Friday, June 18, 2010

What would you do with $1.9 million?

Apparently, if you're the Canadian government, you build a fake lake.

While it's just a drop in the bucket when compared to the total budget for hosting the G20 summit this month, the construction of the indoor "lake" as an effort to impress visiting journalists and increase tourism is just too preposterous to ignore.

Did I mention this construction is happening a stone's throw from an ACTUAL lake?

Evidently, it is a project that few will get a firsthand look at as the security surrounding the summit promises to be more elaborate than anything seen in the country to date.

The government has made damn sure to let protesters know they are not welcome, putting out warnings early on that security forces will be equipped with not only the usual gear, but sound cannons, which they will not hesitate to use to subdue a crowd deemed unruly, damaging the hearing of demonstrators in the process.

While I understand that of course there needs to be some level of security, I find the whole thing ugly and threatening, with the attitude the government has taken, immediately setting protesters and police up for confrontation. Nothing like a good dose of fear to ensure things get hysterical.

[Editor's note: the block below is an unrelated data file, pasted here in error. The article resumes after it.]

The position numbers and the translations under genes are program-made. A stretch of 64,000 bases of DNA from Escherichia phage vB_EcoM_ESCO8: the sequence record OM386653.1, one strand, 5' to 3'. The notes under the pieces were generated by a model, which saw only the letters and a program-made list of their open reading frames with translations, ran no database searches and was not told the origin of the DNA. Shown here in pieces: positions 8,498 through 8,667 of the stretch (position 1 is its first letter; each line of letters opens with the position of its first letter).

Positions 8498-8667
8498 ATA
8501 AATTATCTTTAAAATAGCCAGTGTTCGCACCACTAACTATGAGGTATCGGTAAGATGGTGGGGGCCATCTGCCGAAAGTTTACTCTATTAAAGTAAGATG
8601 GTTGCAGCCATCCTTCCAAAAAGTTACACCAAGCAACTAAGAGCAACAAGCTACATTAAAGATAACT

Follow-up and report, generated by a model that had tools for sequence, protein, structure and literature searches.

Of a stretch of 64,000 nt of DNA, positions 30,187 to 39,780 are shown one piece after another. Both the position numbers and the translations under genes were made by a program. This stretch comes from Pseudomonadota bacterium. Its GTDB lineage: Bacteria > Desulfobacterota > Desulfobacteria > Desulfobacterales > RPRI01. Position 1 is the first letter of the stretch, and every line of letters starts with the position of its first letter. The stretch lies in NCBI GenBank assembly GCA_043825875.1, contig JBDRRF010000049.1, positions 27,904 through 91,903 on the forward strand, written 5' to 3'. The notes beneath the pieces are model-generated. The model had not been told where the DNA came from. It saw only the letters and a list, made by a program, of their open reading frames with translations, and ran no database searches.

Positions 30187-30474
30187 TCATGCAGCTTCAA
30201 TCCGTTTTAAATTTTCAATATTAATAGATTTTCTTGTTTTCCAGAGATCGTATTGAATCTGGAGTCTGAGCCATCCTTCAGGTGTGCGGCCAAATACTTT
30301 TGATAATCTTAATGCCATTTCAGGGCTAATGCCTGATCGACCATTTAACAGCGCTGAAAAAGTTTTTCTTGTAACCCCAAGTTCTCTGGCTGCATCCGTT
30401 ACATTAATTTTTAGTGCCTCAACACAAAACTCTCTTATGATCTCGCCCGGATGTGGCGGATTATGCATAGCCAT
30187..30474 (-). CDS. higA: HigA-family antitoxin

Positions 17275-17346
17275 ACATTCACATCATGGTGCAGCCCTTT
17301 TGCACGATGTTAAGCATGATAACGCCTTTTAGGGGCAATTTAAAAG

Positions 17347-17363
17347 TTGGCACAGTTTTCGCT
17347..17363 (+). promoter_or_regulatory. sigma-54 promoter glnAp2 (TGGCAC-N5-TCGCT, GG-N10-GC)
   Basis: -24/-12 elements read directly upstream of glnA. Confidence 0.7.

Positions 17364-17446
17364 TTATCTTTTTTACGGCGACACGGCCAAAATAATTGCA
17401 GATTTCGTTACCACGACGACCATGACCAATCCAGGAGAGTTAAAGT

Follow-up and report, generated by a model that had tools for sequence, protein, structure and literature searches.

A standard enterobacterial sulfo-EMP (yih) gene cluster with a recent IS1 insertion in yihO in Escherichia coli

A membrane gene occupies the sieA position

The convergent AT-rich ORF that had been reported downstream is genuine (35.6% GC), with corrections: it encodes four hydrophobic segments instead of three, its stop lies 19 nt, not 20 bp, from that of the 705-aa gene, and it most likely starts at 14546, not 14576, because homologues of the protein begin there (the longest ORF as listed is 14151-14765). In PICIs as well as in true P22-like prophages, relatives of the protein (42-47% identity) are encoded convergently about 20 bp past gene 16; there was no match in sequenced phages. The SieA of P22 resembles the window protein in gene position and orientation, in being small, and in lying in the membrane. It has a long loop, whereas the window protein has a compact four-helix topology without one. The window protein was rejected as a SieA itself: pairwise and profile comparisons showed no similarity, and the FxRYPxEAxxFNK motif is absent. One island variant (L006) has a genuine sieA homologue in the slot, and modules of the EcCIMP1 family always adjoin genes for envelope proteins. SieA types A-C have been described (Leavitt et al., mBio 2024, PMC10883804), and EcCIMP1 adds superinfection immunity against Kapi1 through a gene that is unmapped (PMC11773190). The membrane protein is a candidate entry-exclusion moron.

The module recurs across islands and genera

These issues have got me thinking about whether or not these vastly expensive, security heavy international meetings are even necessary, fake lakes notwithstanding.

With such a range of "skype-like" technology, is it even responsible and/or necessary for world leaders to be jet setting around the world to discuss economic issues, when they could surely set up an online conference at a fraction of the (environmental and financial)cost?

*Also, for anyone who is interested in these issues (or even if you aren't) and has not seen the movie, The Girl in the Cafe, I can't recommend it enough. Be sure to let me know if you watch it and what you think!

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